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‘Dying To Live’: Behind The Album That Secured Kodak Black’s Bid For Immortality
Warner Music
In Depth

‘Dying To Live’: Behind The Album That Secured Kodak Black’s Bid For Immortality

Reflecting on prison, religion and destiny, ‘Dying To Live’ reframed Kodak Black as a fresh-faced pickpocket disarming marks at will.

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Following the release of his rough gem of a mixtape, Heart Break Kodak, and a spell in prison for firearms and drug offences, Haitian Floridian rapper Kodak Black released his sophomore album proper in December 2018. The platinum-selling US No.1 smash Dying To Live features a select band of Black’s most notable trap pals as guests. Yet despite being compact for a hip-hop full-lengther, the album draws on a multitude of producers, including, most extensively, Miami’s MajorNine and Heart Break Kodak collaborator Ben Billions, resulting in one of the most kaleidoscopically inventive albums in Black’s arsenal.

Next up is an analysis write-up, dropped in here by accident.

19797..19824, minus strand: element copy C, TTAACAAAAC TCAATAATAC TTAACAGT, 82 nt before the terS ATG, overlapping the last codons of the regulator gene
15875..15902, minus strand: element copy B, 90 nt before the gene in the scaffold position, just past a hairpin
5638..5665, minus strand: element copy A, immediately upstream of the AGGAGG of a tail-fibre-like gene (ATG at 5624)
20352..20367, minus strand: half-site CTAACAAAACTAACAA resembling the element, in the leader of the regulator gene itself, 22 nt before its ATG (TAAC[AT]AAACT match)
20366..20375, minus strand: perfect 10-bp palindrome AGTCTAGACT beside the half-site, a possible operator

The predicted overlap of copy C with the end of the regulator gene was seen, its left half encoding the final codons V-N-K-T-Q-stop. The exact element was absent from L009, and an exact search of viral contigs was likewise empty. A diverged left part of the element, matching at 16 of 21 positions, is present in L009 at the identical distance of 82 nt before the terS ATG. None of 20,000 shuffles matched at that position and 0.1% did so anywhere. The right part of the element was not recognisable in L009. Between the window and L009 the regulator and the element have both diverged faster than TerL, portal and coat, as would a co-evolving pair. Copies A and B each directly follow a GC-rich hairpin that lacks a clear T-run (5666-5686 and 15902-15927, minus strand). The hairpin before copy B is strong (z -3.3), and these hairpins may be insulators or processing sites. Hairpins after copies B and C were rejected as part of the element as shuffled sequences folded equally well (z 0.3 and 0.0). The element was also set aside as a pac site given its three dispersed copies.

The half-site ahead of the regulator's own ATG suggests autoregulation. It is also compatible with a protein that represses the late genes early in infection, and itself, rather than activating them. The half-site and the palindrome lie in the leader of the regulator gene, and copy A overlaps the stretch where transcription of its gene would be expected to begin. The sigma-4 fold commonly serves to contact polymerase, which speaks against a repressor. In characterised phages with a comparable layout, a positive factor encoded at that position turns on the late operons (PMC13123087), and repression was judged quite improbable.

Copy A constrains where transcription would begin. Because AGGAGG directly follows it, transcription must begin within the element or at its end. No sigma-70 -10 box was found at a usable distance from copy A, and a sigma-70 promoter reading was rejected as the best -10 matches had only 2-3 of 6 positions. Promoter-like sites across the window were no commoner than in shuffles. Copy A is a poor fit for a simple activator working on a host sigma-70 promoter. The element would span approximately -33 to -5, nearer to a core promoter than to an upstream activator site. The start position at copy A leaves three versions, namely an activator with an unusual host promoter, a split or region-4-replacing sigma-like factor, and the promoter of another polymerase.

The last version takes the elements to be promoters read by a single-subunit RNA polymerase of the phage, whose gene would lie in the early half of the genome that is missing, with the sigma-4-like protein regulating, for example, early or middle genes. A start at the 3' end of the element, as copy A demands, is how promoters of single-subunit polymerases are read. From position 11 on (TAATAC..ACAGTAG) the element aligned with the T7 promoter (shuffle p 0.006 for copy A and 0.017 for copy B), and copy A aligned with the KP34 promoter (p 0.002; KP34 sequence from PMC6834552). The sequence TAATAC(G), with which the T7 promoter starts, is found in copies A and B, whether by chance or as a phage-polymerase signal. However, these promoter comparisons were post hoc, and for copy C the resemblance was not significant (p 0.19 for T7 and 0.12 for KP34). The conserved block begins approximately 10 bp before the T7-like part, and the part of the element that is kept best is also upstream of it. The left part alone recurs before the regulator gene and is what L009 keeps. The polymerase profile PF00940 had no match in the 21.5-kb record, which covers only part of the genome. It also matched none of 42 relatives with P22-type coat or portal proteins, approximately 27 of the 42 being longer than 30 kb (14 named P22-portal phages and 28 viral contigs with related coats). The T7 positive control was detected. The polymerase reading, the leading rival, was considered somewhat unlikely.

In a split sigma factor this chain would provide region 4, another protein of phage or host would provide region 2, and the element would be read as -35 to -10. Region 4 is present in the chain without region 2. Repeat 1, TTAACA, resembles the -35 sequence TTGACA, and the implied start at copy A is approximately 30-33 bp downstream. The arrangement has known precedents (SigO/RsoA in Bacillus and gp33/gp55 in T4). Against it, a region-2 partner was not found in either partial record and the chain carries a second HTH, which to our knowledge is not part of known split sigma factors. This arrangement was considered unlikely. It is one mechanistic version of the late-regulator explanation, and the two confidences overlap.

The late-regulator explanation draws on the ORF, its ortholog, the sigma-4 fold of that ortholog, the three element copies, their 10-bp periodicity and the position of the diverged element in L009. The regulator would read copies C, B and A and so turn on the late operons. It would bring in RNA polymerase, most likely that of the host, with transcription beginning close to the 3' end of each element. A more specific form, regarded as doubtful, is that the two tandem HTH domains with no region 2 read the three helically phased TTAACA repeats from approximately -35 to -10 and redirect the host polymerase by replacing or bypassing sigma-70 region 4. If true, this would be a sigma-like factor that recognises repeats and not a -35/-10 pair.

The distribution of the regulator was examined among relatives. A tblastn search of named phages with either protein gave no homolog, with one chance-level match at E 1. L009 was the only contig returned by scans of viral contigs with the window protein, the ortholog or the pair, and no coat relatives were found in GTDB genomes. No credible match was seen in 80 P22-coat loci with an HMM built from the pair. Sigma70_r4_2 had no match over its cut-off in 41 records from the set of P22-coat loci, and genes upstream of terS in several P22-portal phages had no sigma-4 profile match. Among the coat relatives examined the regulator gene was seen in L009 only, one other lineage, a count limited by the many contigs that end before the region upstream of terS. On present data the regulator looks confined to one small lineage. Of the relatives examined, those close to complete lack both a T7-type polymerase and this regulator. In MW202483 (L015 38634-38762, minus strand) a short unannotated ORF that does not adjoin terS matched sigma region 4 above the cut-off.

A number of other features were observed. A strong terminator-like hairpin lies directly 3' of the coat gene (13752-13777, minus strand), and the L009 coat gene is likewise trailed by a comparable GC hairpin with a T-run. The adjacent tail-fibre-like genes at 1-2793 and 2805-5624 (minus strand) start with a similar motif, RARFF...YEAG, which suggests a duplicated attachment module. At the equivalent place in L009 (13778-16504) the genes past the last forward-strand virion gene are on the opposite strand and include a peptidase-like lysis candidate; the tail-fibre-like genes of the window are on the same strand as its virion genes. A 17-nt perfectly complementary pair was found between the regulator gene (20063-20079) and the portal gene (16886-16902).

Listen to ‘Dying To Live’ here.

Setting the scene: “They locked me in a box…”

Dying To Live’s opening cut, the reflective Testimony (“They locked me in a box/I pray to God this ain’t my destiny”), was released upfront as an album taster, with Kodak Black showcasing his trademark zigzagging flows before gradually sliding into a mellifluous Auto-Tune, channelling Stevie Wonder over MajorNine’s skeletal beats and rippling guitar. It emerged alongside a video which featured Black being baptised in blood – a still from which was also used for Dying To Live’s album cover.

In contrast, the dreamy This Forever, featuring three-handed production by songwriter and actor Leon Thomas III; the prolific London On Da Track; and Post Malone boardsman Rex Kudo), sees Black resigned to – and reasoning about – his thug-like ways (“Cut from a different cloth, I’m a different fabric”) over walls of bass and snaky snare lines. The more upbeat, roller-skating freedom of Identity Theft then sees him finally, joyfully and defiantly leaving jail (while “drinkin’ snake venom”), completing the opening trio of songs that sets out Dying To Live’s stall.

Dedication to his cause: “I can make it through whatever, I’ll weather any storm”